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Study finds Chinese social media apps have been censoring coronavirus info for months


'Chinese social media companies receive greater government pressure around critical or sensitive events'

Budrul Chukrut/SOPA Images/LightRocket via Getty Images

Information about the coronavirus — formally known as COVID-19 — has been censored for months on a pair of Chinese-based social media platforms, and that may have made the spread of the disease worse, according to new research.

According to a study published Tuesday by the University of Toronto's interdisciplinary research body, Citizenlab, the Chinese social media apps YY and WeChat have been censoring various keywords related to the coronavirus outbreak since Dec. 31 and Jan. 1, respectively.

Ultimately, the researchers found that the censorship included information about the virus as well as critical and neutral references to government officials and their handling of the outbreak.

"On December 31, 2019, a day after Dr. Li Wenliang and seven others warned of the COVID-19 outbreak in WeChat groups, YY added 45 keywords to its blacklist, all of which made references to the then unknown virus that displayed symptoms similar to SARS (the deadly Severe Acute Respiratory Syndrome epidemic that started in southern China and spread globally in 2003)," the study found. After sounding the alarm, Li was reprimanded by police for his efforts and later died of the virus.

When it comes to censorship on WeChat, the researchers found that the number of blacklisted keywords actually increased over time.

"Between January 1 and February 15, 2020, we found 516 keyword combinations directly related to COVID-19 that were censored in our scripted WeChat group chat. The scope of keyword censorship on WeChat expanded in February 2020," according to the paper. "Between January 1 and 31, 2020, 132 keyword combinations were found censored in WeChat. Three hundred and eight-four new keywords were identified in a two week testing window between February 1 and 15."

The researchers added that 192 of those keyword combinations reference high-level Chinese officials, the bulk of which refer to the country's leader, Xi Jinping.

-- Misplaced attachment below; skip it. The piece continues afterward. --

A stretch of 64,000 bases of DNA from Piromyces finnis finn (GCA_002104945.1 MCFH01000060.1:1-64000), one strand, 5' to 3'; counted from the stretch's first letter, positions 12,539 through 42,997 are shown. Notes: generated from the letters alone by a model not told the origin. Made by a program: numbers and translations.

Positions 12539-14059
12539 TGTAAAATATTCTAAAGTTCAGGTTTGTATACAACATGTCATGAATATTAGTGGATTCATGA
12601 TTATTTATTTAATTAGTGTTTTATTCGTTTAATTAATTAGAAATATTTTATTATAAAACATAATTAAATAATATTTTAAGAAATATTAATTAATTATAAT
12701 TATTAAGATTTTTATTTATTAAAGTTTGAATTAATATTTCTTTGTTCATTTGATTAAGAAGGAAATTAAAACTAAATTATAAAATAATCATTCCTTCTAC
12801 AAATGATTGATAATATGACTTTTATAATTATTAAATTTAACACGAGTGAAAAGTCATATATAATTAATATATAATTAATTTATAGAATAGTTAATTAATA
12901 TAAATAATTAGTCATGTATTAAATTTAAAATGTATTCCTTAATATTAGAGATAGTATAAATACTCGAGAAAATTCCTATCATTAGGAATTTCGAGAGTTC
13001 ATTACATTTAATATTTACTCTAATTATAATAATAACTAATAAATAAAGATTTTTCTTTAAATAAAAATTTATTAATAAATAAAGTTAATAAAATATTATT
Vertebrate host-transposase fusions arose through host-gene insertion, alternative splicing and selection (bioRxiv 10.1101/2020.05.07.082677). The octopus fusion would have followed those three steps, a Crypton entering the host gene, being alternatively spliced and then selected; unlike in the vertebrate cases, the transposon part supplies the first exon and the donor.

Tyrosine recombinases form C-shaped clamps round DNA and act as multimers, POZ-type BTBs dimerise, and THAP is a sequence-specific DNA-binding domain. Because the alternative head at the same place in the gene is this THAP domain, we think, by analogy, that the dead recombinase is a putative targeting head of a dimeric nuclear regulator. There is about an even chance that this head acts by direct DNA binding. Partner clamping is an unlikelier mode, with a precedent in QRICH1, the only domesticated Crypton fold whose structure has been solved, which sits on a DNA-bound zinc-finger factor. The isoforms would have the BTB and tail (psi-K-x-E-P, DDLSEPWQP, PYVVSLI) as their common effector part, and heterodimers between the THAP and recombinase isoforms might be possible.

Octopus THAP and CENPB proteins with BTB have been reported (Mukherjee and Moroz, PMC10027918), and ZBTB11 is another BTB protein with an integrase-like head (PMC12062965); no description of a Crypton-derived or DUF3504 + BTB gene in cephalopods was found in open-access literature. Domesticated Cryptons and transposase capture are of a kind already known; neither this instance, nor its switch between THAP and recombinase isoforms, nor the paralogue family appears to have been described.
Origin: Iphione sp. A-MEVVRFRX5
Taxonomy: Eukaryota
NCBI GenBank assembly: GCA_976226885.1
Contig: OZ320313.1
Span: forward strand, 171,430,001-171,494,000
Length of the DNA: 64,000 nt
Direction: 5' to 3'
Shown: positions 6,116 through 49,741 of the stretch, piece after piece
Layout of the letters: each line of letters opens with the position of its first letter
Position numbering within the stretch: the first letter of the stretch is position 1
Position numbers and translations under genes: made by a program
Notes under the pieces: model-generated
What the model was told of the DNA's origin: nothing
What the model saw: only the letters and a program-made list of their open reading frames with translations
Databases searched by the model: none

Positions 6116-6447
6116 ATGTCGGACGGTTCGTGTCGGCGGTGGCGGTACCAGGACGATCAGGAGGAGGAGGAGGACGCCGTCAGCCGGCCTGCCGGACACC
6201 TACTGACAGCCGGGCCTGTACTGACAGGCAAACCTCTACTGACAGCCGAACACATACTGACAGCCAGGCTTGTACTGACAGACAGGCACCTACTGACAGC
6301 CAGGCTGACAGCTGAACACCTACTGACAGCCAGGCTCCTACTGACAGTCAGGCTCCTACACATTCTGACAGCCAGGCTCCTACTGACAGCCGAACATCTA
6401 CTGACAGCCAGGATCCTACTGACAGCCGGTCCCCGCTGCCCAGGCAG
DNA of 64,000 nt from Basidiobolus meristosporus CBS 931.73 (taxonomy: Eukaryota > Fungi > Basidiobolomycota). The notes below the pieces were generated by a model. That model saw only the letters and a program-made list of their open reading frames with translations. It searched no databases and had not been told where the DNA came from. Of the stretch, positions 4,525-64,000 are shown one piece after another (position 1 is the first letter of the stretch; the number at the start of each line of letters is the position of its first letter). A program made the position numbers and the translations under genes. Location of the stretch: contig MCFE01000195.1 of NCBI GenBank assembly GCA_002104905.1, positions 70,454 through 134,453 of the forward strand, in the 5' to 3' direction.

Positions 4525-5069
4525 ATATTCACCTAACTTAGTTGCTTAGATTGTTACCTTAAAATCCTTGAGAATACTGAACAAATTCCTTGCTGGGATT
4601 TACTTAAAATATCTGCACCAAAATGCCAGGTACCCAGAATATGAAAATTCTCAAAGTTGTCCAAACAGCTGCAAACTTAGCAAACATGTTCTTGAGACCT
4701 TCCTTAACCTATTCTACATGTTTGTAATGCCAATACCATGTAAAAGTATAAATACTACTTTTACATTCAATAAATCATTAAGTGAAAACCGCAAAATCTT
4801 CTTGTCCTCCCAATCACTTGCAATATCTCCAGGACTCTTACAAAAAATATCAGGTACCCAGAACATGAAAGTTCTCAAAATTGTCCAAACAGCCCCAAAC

The research pointed out that the censorship on the video-streaming based YY platform takes places on the client side, meaning that the keyword screening happens in the app itself. Alternatively, censorship on the WeChat messaging app goes through a server managed by the platform's parent company, Tencent, which searches for blacklisted keywords.

As to the source of the censorship, the study hinted that the companies were likely pressured to implement the blacklists by the country's authoritarian regime.

Two medical studies in January found that the worldwide infection numbers, which are largely driven by the Chinese government numbers, were too low.

"Leaked directives and previous research show that Chinese social media companies receive greater government pressure around critical or sensitive events," the study found. "While it is not known what specific directives on COVID-19 may have been sent down from the government to social media companies, our research suggests that companies received official guidance on how to handle it as early as December 2019 when the spread of the disease was first made public."

Of course, this once again raises questions about how much Beijing is trying to hide about this outbreak, which has predominately affected China while spreading to scores of other countries around the globe. After seeing reports of medical studies and whistleblowers that say the infection numbers are actually higher than the country has reported, a new report of online censorship likely only serve to increase public skepticism of the regime's honesty.

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